The results of our study suggest that the majority of genetic counselors have used telephone to communicate BRCA1/2
test results to patients, although only 30% of participating genetic counselors reported using telephone for disclosure of BRCA1/2
test results the majority of the time. Others have reported similar use of telephone for disclosure BRCA1/2
results among practicing cancer genetic counselors24,25
. Our study provides additional detail regarding how telephone communication is incorporated into the delivery of genetic services, as well as, genetic counselors’ experiences with telephone disclosure. Results from our survey indicate that genetic counselors use telephone communication for post-test counseling more frequently than for pre-test counseling. Additionally, genetic counselors reported using telephone disclosure for communication of other types of genetic test results for both cancer, and non-cancer conditions. Thus, an alternative model to in-person pre-test and post-test counseling for genetic testing for hereditary predisposition to cancer and other medical conditions has begun to be adopted in clinical settings.
Participating genetic counselors identified both perceived advantages and disadvantages to telephone communication of genetic test results, highlighting several potential benefits, such as, increased convenience for patients, faster return of results for medical decision-making, and increased patient satisfaction and control. Despite perceptions of potential disadvantages and reports of perceived negative experiences, the majority of participating genetic counselors reported interest in telephone communication of genetic test results. Nonetheless, genetic counselors’ comfort with telephone disclosure varied by the test result. They reported significantly less comfort sharing positive and variant of uncertain significance results by telephone, suggesting less comfort with potentially emotionally distressing or cognitively complex results by telephone. Additionally, genetic counselors reported a variety of patient factors (e.g. financial or medical hardship, preference, comprehension, and psychological well-being) which they consider in deciding to utilize telephone disclosure of BRCA1/2 results, suggesting a need for empirical data to assess the impact of patient factors on adaptation to test results.
While some studies have begun to evaluate outcomes of telephone communication of BRCA1/2
test results, they have included select populations22,23,25,26
, such as patients self-selecting the delivery mode23,25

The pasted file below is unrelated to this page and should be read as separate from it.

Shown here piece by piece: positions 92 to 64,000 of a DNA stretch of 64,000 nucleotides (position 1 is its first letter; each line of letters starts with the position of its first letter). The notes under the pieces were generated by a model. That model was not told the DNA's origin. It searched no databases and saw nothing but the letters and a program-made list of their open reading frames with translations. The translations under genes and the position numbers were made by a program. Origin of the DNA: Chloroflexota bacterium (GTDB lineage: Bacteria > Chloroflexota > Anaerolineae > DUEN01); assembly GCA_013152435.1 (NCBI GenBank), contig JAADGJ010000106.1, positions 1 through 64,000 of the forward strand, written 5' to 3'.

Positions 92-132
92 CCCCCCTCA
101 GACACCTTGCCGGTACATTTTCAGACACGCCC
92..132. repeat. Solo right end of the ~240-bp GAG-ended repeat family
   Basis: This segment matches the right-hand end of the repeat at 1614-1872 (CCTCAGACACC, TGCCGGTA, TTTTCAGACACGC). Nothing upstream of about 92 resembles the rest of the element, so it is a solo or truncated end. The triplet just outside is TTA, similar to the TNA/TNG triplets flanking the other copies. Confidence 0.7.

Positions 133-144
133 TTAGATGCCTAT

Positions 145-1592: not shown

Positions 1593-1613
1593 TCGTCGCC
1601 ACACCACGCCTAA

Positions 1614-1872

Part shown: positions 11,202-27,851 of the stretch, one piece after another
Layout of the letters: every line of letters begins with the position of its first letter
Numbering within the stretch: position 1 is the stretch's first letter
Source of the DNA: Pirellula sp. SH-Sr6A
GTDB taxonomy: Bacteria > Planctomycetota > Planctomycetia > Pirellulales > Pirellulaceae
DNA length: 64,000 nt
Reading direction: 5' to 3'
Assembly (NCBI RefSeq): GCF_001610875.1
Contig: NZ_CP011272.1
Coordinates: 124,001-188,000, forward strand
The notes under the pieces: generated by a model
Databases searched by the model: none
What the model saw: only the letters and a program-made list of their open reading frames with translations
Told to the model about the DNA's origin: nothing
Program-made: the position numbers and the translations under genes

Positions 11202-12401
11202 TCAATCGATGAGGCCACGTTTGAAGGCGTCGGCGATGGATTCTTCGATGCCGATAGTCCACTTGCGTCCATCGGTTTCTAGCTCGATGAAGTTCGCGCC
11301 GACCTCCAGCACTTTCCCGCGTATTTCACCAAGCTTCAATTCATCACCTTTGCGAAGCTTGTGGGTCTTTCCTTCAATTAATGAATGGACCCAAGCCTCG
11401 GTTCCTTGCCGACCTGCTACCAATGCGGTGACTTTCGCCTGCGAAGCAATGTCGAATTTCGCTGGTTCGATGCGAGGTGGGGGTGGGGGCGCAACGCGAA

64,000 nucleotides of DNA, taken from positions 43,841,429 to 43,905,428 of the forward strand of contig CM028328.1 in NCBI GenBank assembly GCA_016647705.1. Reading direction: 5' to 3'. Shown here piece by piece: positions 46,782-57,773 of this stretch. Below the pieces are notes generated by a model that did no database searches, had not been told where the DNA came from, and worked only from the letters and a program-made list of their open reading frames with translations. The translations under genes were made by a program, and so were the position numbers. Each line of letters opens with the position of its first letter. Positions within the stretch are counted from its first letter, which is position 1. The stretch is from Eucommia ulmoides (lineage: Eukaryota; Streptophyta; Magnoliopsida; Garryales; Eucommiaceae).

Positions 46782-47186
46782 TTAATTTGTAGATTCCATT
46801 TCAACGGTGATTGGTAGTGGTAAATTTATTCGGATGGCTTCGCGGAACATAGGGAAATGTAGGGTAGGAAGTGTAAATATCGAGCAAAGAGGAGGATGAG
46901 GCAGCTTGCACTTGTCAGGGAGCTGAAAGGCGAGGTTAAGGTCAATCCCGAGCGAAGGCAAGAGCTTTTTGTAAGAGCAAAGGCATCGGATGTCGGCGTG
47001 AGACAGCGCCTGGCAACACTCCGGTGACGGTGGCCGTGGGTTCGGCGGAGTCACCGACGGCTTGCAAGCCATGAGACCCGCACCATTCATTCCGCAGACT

. In the only randomized study that has evaluated telephone versus in-person disclosure, Jenkins et al. reported no significant difference in knowledge, anxiety or patient satisfaction between telephone and in-person disclosure of genetic test results22
, although this study was not powered to evaluate differences among subgroups, such as different test results. Other relevant outcomes (e.g. performance of risk reduction behaviors, and communication to at-risk family members) and the biopsychosocial factors mediating these outcomes remain poorly described.
Genetic counselors identified perceived advantages and disadvantages of telephone disclosure specific to their practice that are relevant to future studies investigating alternative delivery models for genetic services. Many genetic counselors identified perceived time-savings with telephone communication of genetic test results, although some indicated increased effort associated with additional follow-up calls or activities. The inability to bill for telephone services was reported as a disadvantage and might present a significant barrier to alternative models of delivery. Additionally, many genetic counselors identified discomfort with telephone disclosure in general, or in specific situations. The development of provider training programs and provider experience could help to optimize provider comfort and skills, and potentially patient outcomes.
We acknowledge several limitations to this study. It is possible that genetic counselors interested in, or currently using telephone disclosure may have been more willing to participate in the study. Thus, it is possible that these findings may not represent the experiences and views of a broader population of practicing genetic counselors. Additionally, participants in our study were more likely to practice in academic settings and to have less than 10 years experience in clinical cancer genetic counseling. Thus, the findings in this study may not reflect the opinions and experiences of genetic counselors practicing in non-academic settings and those with more than 10 years experience. This survey was completed in 2008, and practices may have changed since the time of investigation. Additionally, items inquiring about practice frequencies were based on participant recall and participants may have interpreted items inquiring about “interest in” providing genetic test results differently; open-ended items were intended to be exploratory, identifying the spectrum of experiences and opinions. The reported negative experiences might also be reported with in-person disclosure, highlighting the value of randomized studies to evaluate modifications to genetic service delivery models.
Many genetic counselors utilize the telephone to share BRCA1/2 and other genetic test results, however, most, infrequently. While many genetic counselors are interested in telephone disclosure of BRCA1/2 results, they identify potential advantages and disadvantages to telephone disclosure, and recognize the potential impact of testing factors and patient factors on disclosure outcomes. Further research evaluating the potential advantages and disadvantages of telephone disclosure, including the impact of testing and patient factors on cognitive, affective, social and behavioral outcomes is warranted before telephone communication becomes widely and uniformly adopted as standard-of-care.